FADs are widely used as a fishing method due to its high efficiency, although they have been associated with several negative ecosystem impacts, such as bycatch and overfishing. Today, they support a large number of fishing vessels, especially purse seine fleets targeting tropical tunas in open oceans, but also artisanal pole‑and‑line vessels in shallow nearshore waters.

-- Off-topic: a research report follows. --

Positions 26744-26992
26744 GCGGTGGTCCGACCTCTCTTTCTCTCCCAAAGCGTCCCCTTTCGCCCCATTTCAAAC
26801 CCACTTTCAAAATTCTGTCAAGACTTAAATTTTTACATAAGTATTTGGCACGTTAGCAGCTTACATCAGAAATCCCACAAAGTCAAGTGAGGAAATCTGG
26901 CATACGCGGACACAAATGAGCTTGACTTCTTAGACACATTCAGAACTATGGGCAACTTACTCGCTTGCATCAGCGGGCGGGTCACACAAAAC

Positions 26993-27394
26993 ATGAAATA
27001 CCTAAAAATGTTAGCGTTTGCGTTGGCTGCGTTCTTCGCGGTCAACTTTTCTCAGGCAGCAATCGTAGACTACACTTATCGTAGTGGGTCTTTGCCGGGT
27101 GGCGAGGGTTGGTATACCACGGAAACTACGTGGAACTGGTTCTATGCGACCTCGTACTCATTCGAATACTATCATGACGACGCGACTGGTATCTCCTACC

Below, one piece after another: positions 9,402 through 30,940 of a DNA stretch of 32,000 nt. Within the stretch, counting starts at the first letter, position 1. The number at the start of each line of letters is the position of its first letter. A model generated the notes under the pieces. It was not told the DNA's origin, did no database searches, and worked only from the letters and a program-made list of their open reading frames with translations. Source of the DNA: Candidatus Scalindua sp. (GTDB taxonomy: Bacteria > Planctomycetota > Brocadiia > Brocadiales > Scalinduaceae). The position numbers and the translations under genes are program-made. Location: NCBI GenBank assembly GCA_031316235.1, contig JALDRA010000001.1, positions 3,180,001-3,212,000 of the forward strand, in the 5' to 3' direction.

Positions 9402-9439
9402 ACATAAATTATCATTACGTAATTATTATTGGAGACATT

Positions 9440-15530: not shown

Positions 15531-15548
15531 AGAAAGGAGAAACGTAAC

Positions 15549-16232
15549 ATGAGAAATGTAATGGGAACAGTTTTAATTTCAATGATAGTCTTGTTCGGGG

The deployment and use of FADs allows skippers to fish in remote areas where tuna schools were not very abundant or easily accessible before, to plan trips with greater certainty and efficiency, to make fewer “skunk sets” (sets where the school of tuna escapes) and to catch more skipjack tuna (a very productive and abundant tuna). FADs are equipped with some type of location device, ranging from simple radio beacons to sophisticated GPS, enabling the skipper or fleet manager to locate them remotely. The number of FADs deployed by a vessel or company increases their capacity because of increased options for “cherry picking” the FADs with more biomass underneath. But, there may come a point where high FAD density in an area is counter‑productive because of a saturation effect that reduces aggregation size.